I got home and pulled the wheel off. To my surprise, the entire rotor assembly was loose! The wheel mounts to the rotor, and rotor is supported by a pair of wheel bearings. One of the bearings was completely pulverized, and the only thing keeping the wheel from falling off was the brake caliper! Yikes, I dodged a bullet there.
Meanwhile, I've been planning some maintenance on the car for the Christmas break, so parking the car a few days early isn't a big deal. When I put the car together a year and a half ago, I had to fit the motor in and out a number of times and I was using the old clutch to avoid banging up a new one. Well, before I knew it, the car was all put together with the old clutch and I wasn't about to tear it all apart to replace the clutch. Well, not too long after I started driving, I began to hear some clutch noise. It started slow, and eventually got worse and began to vibrate. I decided it was time to get a new one in there. The biggest downside is it requires removing either the front or rear set of batteries to make the swap. Here I've got 24 cells removed along with the BMS. No turning back now.
2 hours of work later and the motor is pulled out enough to remove the clutch. When I pulled the disk out I was expecting it to look pretty bad and I was a little disappointed that it looked okay. Not bad enough to be causing me all the issues I've been seeing.
I dig a little deeper, and here's the problem. The pilot bushing in the flywheel adapter is totally worn out! Not a good sign if this needs replacing every 5-6k miles. Something more significant must be wrong. For that, we need to jump into the way back machine for the rest of the story.
About 2 years ago I was spinning the motor for the first time and excited for the day I get to finally drive the car. When I first mounted the motor in the car and spun it up, it made a fairly significant clicking noise. I don't recall if I blogged about that, but I had the motor in and out a dozen times in an attempt to fix it, mostly working on improving the pilot bushing. Nothing I did seemed to fix the problem so I started to suspect there was an alignment problem between the motor and the bellhousing. I loosened the mounting bolts a bit and used a jack to lift on the motor adapter to see if that made any difference. What that did was change the angle between the motor shaft and the driveshaft. I found that a very slight angle made a significant improvement in the noise, so I shimmed the joint and bolted it up.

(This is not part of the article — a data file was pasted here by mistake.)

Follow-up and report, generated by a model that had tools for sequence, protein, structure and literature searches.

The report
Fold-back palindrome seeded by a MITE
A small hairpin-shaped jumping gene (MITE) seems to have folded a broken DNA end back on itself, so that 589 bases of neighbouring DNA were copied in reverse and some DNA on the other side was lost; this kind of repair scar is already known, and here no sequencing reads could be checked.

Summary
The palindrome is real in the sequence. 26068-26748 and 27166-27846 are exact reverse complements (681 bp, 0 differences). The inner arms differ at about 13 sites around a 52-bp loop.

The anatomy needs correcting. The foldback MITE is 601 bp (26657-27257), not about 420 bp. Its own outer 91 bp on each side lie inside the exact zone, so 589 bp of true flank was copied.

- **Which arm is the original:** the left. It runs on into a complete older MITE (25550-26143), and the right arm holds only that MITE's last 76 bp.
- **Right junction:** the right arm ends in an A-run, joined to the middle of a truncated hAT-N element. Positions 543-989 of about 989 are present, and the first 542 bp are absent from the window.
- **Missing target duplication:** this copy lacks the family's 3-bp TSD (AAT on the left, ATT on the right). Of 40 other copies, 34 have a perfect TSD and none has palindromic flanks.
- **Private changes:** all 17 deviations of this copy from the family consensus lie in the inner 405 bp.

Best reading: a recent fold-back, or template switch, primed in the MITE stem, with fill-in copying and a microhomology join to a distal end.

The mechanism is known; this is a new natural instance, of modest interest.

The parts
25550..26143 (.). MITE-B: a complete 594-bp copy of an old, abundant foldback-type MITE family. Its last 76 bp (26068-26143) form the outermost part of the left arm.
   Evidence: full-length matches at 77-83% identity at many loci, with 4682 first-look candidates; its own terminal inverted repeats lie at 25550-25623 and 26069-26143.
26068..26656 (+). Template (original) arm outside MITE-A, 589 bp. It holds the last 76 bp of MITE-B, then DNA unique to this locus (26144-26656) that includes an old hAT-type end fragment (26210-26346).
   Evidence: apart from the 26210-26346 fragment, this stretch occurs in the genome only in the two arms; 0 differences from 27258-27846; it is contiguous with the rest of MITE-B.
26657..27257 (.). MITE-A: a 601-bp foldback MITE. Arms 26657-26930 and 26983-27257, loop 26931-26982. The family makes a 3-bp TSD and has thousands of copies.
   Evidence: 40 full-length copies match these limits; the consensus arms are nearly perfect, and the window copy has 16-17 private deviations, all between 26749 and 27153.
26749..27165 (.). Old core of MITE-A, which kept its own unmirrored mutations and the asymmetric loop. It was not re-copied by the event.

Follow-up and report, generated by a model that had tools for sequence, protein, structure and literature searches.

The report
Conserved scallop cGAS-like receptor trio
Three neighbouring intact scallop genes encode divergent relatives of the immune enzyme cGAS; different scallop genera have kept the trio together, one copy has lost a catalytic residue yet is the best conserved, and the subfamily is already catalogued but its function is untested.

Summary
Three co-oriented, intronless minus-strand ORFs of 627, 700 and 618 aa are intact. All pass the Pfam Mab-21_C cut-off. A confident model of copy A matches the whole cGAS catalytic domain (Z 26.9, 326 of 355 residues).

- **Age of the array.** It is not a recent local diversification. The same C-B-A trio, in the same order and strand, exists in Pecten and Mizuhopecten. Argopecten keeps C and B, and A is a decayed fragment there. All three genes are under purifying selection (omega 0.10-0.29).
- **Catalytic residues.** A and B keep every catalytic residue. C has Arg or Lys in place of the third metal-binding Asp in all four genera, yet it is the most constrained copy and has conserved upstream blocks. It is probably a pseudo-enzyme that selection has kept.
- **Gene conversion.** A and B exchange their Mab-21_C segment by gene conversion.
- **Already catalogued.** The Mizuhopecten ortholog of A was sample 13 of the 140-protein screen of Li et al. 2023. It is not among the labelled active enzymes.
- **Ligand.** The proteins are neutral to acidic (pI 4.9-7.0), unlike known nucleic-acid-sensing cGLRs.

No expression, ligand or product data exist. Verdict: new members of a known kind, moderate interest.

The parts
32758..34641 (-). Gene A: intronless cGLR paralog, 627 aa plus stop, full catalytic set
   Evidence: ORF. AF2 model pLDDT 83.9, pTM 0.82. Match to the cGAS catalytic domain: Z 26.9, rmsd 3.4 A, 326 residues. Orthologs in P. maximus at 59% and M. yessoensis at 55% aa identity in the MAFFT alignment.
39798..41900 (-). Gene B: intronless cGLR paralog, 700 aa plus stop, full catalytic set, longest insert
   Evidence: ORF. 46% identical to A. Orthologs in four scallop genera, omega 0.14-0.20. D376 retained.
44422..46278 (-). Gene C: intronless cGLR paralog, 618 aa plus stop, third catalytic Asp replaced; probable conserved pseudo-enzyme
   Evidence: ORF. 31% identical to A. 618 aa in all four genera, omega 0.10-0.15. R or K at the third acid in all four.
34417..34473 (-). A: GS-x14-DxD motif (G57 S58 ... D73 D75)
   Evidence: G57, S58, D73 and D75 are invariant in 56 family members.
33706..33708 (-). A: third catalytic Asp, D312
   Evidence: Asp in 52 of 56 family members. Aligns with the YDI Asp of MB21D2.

The noise was all but gone, and I didn't look back because I was finally on the road. Deep down I knew it was a bogus solution, but my desire to get the car rolling after 20 months of work was overwhelming so I chose to ignore it. Well, apparently my days of looking the other way are over, and I find myself in the same spot I was in Feb of 2013. What to do now? Well, to start I need to fix the pilot bushing. The original Porsche used a pilot bearing. I didn't try this because I assumed it wouldn't fit with my flywheel coupler design. Too bad I never checked the dimensions because it actually is smaller than the bushing I made! With the increased load capacity of needle bearings vs. the phosphor bronze bushing, this ought to last longer.
My neighbor happened to be working in his garage the yesterday, and it also just happens that he is a professional mechanic and builds race cars, so I stopped by with the coupler to see what he thought. He took one look and said the motor shaft and driveshaft centerlines aren't lined up. He'd seen it a dozen times with poorly made motor adapters. He sent me back home with a homework assignment of taking some careful measurements to figure out where the problem is.
I'm lucky enough to have an inspection panel on the clutch housing, so I have a 4x4 inch window to look at the parts. Without the clutch and flywheel in place I can get a good view of the driveshaft and coupler. I put the motor back in place and had a look. Note that I've opened up the hole in the pilot bushing to accept the new bearing, but haven't pressed the bearing in yet. Here you can see from the bottom that the shaft lines up fairly well left to right.
You can see a side view from the inspection hole, but I squeezed the camera in there and took a picture from the left side. Now it's obvious there's an alignment problem in the vertical direction! As unfortunate as it is to have this problem, I'm ecstatic to find a concrete problem that I can now solve! Instead of being a poorly made adapter plate, I'll call this a poorly designed one since I took all the measurements. Reworking the adapter is going to be interesting, but I've still got 7 days of vacation to figure out how to do it. Better get working...